When the Fitbit, Jawbone and other health wearables came out, many people saw these as passing fads. But they struck a real chord, not only with those who regularly exercised but with mainstream consumers too. I happened upon a recent New Yorker article by author and humorist David Sedaris in which he chronicled his love/hate affair with his Fitbit. His tongue-in-cheek commentary chronicles his obsession with having to continue to beat his step record. The essay is a great, funny read:

“I look back on the days I averaged only thirty thousand steps, and think, Honestly, how lazy can you get? When I hit thirty-five thousand steps a day, Fitbit sent me an e-badge, and then one for forty thousand, and forty-five thousand. Now I’m up to sixty thousand, which is twenty-five and a half miles. Walking that distance at the age of fifty-seven, with completely flat feet while lugging a heavy bag of garbage, takes close to nine hours—a big block of time, but hardly wasted.”

Health wearables apparently are now part of our culture.

Perhaps the major thing Fitbit and other health wearables have done is to bring the importance of activity to the forefront. Using these types of health wearables, whether in a dedicated device or a smartwatch, makes monitoring one’s health an integrated part of a lifestyle. The Apple Watch has a feature that, every two hours or so, reminds me to stand up and walk around. It is becoming second nature to me now while in the past, I would sit and write for hours, never leaving my chair unless I had to hit the loo.

The health wearable market is past being a fad. Dedicated wearables that monitor steps, calories burned, etc., have become cheap enough that most people can afford them. And smartwatches are on track to become an even more important wearable that includes health monitoring apps and add more versatility to the overall device market. However, I think it will be the health industry that makes the health wearable a mainstream monitoring tool in the future.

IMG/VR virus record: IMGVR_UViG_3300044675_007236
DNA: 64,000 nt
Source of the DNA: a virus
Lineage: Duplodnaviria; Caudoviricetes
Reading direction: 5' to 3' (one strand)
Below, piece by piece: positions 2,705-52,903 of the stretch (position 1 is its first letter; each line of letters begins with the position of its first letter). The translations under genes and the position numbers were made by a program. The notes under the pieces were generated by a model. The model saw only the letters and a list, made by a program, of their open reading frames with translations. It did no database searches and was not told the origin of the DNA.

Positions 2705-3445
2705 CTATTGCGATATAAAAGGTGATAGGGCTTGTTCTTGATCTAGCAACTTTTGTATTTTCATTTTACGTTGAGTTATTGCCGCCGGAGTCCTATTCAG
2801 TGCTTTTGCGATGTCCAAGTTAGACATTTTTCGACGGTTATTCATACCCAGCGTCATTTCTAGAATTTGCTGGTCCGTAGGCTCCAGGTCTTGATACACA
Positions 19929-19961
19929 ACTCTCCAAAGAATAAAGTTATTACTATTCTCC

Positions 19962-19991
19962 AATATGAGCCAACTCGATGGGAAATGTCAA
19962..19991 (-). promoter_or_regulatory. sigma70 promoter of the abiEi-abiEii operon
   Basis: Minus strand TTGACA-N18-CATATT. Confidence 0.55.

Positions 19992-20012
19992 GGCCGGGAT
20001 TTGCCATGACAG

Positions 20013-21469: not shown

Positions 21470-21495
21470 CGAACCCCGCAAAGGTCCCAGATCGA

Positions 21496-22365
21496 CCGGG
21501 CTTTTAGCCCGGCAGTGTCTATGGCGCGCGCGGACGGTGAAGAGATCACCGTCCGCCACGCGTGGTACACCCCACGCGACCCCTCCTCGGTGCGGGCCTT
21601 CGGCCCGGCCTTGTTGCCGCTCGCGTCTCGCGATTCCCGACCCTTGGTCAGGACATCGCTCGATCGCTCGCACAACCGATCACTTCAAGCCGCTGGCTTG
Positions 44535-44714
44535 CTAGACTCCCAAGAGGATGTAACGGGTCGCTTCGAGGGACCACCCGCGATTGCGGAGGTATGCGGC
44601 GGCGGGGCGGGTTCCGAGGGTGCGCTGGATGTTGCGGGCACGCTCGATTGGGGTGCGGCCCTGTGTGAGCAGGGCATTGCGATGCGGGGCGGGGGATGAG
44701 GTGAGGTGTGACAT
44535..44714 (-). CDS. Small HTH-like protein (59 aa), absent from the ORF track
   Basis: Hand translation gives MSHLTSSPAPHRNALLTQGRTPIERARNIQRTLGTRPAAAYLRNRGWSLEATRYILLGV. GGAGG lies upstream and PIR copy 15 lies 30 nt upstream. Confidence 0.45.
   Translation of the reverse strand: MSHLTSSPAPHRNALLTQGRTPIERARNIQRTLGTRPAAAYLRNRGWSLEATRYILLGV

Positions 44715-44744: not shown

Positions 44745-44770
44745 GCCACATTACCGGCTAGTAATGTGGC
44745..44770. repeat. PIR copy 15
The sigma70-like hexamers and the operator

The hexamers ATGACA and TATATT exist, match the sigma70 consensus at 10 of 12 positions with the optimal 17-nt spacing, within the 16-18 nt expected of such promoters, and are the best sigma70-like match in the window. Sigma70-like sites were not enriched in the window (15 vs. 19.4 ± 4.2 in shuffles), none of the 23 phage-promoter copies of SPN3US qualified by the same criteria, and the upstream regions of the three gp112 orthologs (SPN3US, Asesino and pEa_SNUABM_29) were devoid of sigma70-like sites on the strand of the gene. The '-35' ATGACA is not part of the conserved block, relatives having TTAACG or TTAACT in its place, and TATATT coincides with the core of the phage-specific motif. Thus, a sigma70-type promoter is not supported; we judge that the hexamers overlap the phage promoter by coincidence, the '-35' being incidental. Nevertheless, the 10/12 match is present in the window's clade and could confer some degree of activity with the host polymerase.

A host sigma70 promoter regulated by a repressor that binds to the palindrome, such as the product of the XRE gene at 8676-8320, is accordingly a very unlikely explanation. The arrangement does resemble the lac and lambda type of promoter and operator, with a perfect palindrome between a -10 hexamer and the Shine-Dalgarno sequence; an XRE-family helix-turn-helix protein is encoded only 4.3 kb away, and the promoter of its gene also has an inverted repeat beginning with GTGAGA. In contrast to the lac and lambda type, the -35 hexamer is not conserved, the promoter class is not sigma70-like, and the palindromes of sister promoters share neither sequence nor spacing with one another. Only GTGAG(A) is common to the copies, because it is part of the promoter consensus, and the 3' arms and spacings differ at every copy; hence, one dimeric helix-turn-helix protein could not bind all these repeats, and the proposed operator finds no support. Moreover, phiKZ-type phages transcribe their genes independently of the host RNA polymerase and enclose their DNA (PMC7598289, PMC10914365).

According to Orange Healthcare, 88% of physicians want patients to monitor their health parameters at home. And HMO’s and health care insurers are making wearable health monitoring a key tenet of future health plans. As one HMO exec told me, it is much cheaper to keep a person healthy than it is for them to get sick and have to cover hospital expenses.

According to IDC Health Insights, by 2018, 70% of healthcare organizations worldwide will invest in consumer-facing technology including apps, wearables, remote monitoring, and virtual care. According to CDW Healthcare, wearable technology could drop hospital costs by as much as 16% over the course of five years and remote patient monitoring technologies could save our healthcare system $200 billion over the next 25 years.

Lowering health care insurance premiums and cutting hospital costs will be the real reason the wearable health movement will be sustainable. Obamacare has put personal health care on the front page and pretty much insured that people, at least in the US, are going to be more health conscience. And, if a health wearable is prescribed or highly recommended by their doctor and health insurer, more and more people will adopt its use and make it a part of their normal lifestyle. This part of the tech market, whether delivered via a dedicated health wearable or through a smartwatch, will continue to grow and become an important part of our wearable future.